The language of Pukapukan is not only spoken on the Island of Pukapuka but on the neighboring Cook Islands as well as New Zealand and Australia. Today the population of Pukapuka has diminished with only a few hundred native speakers. From a 2001 census there were only about 644 speakers on Pukapuka and its plantation island of Nassau. As of a 2011 census, there are now only 450 speakers due to a devastating cyclone that hit the island of Pukapuka in 2005. There are a total of 2,400 speakers worldwide, including those who live on Pukapuka and the 200 speakers on Rarotonga, the most populous island of the Cook Islands.


Pukapukan is classified as an Austronesian language (Ethnoluge 2013). Though grouped with the Cook Islands the language shows influence from both Eastern and Western Polynesia.

Sound System


There are 15 letters in the Pukapukan alphabet – five vowels, 9 consonants and one digraph: a, e, ng, i, k, l, m, n, o, p, t, u, v, w, y


The consonant phonemes in Pukapukan are: / p, t, k, v, w, y, m, n, ŋ, l / (Teingoa 1993).

The letters ‘y’ and ‘w’ are not in the Cook Islands Maori language but are additions to Pukapukan. The semivowel /w/ and the palatalised dental spirant /y/, in general, regularly reflect *f and *s, respectively. The ‘y’ sound in Pukapukan actually acts somewhat differently and is difficult for non native speakers to pronounce. It is pronounced like ‘th’ or ‘θ’ in English.


The vowels in Pukapukan are respectively /a/, /e/, /i/, /o/, and /u/. All vowels have two sounds, a long sound and a short sound. A vowels length is indicated by writing a macron above each vowel.

In Pukapukan it is safe to say that every syllable ends with a vowel, every vowel is pronounced, and there are no diphthongal sounds.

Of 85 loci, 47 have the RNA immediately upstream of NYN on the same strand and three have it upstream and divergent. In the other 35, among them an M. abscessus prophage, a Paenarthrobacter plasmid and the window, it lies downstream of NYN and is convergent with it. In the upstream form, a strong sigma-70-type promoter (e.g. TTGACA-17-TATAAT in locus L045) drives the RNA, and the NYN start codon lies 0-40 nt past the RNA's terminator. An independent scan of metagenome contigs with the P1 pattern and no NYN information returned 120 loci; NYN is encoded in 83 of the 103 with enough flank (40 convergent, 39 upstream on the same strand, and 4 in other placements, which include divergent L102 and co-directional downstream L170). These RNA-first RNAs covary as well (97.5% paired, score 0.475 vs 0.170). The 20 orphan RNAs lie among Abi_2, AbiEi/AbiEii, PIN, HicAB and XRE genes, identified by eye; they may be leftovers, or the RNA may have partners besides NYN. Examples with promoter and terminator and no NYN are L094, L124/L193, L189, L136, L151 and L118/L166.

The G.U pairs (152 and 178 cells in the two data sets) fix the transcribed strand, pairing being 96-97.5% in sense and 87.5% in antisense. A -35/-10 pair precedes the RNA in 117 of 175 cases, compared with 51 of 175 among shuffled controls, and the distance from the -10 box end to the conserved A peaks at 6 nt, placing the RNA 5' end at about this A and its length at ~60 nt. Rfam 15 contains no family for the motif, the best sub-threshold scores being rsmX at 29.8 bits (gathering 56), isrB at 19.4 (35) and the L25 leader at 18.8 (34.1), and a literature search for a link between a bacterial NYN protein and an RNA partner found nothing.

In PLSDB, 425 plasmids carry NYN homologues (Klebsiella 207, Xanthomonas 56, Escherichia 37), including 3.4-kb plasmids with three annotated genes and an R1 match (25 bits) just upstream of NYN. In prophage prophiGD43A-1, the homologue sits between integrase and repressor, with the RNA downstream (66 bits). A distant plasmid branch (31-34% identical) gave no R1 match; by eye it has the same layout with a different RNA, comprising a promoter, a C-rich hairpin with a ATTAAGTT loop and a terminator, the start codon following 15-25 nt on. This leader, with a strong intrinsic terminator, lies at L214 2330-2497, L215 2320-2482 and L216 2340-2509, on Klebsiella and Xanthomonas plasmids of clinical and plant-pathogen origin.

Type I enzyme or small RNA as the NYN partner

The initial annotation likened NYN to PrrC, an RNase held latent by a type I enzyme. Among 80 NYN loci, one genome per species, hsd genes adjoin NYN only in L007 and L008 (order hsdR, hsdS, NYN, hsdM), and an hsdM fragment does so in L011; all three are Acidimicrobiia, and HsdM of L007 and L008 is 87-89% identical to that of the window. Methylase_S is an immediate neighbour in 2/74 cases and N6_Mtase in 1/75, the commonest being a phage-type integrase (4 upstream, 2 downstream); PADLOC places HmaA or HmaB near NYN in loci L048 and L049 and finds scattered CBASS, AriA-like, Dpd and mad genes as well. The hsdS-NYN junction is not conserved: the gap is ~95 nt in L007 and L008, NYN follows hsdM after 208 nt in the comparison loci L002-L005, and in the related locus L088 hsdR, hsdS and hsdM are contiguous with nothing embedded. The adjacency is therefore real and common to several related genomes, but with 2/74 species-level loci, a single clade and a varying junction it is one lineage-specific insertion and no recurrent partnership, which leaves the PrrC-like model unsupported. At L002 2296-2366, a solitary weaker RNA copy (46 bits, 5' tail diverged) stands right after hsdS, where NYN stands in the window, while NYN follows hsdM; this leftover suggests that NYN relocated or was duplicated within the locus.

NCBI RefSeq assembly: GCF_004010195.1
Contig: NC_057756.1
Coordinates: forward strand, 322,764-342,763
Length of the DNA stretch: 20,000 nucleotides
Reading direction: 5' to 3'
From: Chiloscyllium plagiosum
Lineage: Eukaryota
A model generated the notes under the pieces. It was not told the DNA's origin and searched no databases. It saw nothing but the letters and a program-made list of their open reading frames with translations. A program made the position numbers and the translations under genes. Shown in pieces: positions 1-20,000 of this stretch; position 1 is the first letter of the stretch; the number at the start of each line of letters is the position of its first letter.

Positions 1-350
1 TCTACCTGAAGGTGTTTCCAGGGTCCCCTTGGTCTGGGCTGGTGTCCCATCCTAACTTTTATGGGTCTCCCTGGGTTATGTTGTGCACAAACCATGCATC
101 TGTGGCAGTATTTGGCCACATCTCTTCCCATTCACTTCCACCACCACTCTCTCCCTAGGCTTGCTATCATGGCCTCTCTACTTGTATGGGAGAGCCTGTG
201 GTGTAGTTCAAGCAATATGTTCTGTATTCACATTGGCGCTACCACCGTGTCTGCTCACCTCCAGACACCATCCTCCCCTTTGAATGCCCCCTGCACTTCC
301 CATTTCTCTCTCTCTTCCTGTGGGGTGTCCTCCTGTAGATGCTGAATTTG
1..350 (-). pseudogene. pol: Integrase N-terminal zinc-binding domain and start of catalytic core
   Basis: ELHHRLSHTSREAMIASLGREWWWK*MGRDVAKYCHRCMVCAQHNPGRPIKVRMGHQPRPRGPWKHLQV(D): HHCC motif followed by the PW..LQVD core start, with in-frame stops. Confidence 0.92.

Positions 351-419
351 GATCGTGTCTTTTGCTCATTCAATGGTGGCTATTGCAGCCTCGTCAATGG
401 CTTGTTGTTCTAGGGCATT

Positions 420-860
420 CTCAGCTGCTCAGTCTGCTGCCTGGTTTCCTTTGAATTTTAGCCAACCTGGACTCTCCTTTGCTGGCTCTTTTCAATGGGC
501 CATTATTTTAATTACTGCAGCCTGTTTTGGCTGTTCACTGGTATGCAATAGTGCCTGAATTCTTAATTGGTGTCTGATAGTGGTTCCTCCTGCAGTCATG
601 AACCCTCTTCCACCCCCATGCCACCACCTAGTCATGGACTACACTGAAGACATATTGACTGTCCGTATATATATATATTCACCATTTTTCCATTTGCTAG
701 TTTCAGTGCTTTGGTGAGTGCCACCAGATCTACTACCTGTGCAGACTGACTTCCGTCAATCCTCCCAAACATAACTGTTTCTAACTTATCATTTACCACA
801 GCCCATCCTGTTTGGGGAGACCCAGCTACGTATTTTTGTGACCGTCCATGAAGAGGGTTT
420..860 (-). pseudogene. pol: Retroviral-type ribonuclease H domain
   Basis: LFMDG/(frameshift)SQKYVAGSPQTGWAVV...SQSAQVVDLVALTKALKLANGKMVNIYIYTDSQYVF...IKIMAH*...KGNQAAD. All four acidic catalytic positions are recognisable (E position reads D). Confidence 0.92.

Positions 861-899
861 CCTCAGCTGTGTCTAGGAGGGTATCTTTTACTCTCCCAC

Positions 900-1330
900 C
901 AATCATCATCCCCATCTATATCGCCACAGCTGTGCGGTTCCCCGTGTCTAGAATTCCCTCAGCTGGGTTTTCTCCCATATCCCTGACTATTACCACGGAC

Basic Word Order

Pukapukan uses the two distinctive word orders of Verb-Subject-Object and Verb-Object-Subject, although it is clear that VSO is used more commonly. Adjectives always follow their nouns in Pukapukan. Waka is often used as a causative prefix in Austronesian languages, but in Pukapukan it has various functionalities. Due to Rarotongan influence ‘waka’ is shortened to ‘aka’, whereas ‘waka’ is seen to be more formal (Teingoa 1993). Nouns prefixed by waka become verbs with similar meanings:

Adjectives prefixed by waka become transitive verbs:

Some verbs marked by waka have specialized meanings that become somewhat difficult to predict from the base meaning.


Like many other Polynesian languages, Pukapukan uses a lot of full and partial duplication, some times to emphasize a word or to give it new meaning (Beaglehole 1906-1965).


tayi “one” lua “two” tolu “three” wa “four” lima “five” ono “six” witu “seven” valu “eight” iva “nine” katoa/laungaulu “ten”

Pukapukan uses two different counting systems in the language; the ‘one unit’ and the ‘two unit’. Numeral classifiers are also used as prefixes for numbers over ten and different objects. The ‘one unit’ uses its word for ten ‘laungaulu’ and adds the ‘one unit’ number (Teingoa 1993).

For numbers above nineteen the single unit numbers are used.

The ‘two unit’ is derived from the ‘one unit’.